#30.Inside and Outside

The Most Embarrassing Moments of my Life.

I was an undergraduate student in my late teens. I had come home during summer vacations. I got a call from the college for the summer camp of N.C.C. The first step was to get washed all the khaki uniforms that was issued to me. Well, I gave them to the neighbouring washerman - our regular family washerman used to stay a few miles away. The washerman returned the washed uniforms a few days later. I found a pair of trousers short. He assured that he will check and asked me to come the next day.
Next day I went. He stated that he had checked and it was not there. I gave him a piece of my mind and insisted that I will see all the washed and pressed clothes that he had. Well, he took me there and I saw his entire stack one by one. The trousers was not there. I cursed my bad luck and came back. As a parting shot the washerman told me more in distress than anger that it was for the first time that anybody went to check his entire stock. It haunted me and even now I remember it with shame and embarrassment as a few days after when I was leaving for the camp, I opened my trunk. Well, the trousers was there, duly washed and pressed. That must have been the reason why I did not give it the washerman in the first instance. Needless to say that as a young man I was too proud to go and apologize to the washer man.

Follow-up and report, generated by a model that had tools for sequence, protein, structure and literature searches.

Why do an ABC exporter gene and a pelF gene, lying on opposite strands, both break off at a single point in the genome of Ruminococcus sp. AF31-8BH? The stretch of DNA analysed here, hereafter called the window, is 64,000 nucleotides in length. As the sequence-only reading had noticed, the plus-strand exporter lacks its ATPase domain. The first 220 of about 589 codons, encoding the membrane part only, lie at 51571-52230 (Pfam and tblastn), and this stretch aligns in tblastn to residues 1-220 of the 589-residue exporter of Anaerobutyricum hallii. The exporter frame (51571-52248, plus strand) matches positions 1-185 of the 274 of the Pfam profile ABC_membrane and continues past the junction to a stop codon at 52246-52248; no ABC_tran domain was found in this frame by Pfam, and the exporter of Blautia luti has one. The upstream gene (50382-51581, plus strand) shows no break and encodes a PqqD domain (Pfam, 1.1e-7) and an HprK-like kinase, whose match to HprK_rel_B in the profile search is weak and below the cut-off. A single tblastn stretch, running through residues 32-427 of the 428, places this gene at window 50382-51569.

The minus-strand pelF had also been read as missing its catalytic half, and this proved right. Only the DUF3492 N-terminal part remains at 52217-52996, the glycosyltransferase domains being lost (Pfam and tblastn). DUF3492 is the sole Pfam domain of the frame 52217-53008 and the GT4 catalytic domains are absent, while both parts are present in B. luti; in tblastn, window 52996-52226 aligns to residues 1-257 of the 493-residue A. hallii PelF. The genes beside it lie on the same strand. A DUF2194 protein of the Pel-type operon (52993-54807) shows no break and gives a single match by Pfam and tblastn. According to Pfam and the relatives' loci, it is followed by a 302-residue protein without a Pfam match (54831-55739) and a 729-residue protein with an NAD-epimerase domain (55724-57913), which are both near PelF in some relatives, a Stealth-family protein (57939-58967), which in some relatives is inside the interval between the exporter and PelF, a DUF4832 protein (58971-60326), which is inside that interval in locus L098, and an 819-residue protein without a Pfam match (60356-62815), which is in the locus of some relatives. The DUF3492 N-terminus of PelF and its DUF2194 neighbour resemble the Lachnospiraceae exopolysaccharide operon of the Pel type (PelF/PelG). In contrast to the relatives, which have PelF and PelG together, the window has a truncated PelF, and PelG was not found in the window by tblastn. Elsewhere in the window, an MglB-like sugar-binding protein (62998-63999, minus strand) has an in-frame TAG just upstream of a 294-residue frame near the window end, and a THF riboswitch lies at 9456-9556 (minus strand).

This experience of mine came in good stead much later in life. One day my wife lost her gold Kada (bracelet). She searched and searched and couldn’t find it. And the suspicion fell on the maid-servant. My wife consulted one of her friends who was a police officer’s wife. She advised her to report to police, and they would be able to do the job. I asked my wife to wait for a day more, search once more in the various nooks and crannies, and if even then she was not able to find it, she could take recourse to police. I asked her to remove the mattresses on the double bed. The bed was also moved, and lo and behold, the kada was lying on top of the trunk which was just under the bed. It seems that the board on the bed had a gap and the bracelet had slipped from there to the top of the trunk!

*** *** *** ***

It was my first charge as the Sub-Divisional Officer in a small town of 10,000. Being in charge of a subdivision some 200 km away from the district headquarters, I was asked to do flag hoisting at a college and a school on the republic day. It was the college first. I reached on the ground dot at 8.30 as scheduled. The parade-in-charge looked at me with a puzzled look. I could not make out what it was, and I was also puzzled. Next was the school, which was after a sufficient gap of time. I reached the school The old Principal had an irritated look on his face. I was again perplexed.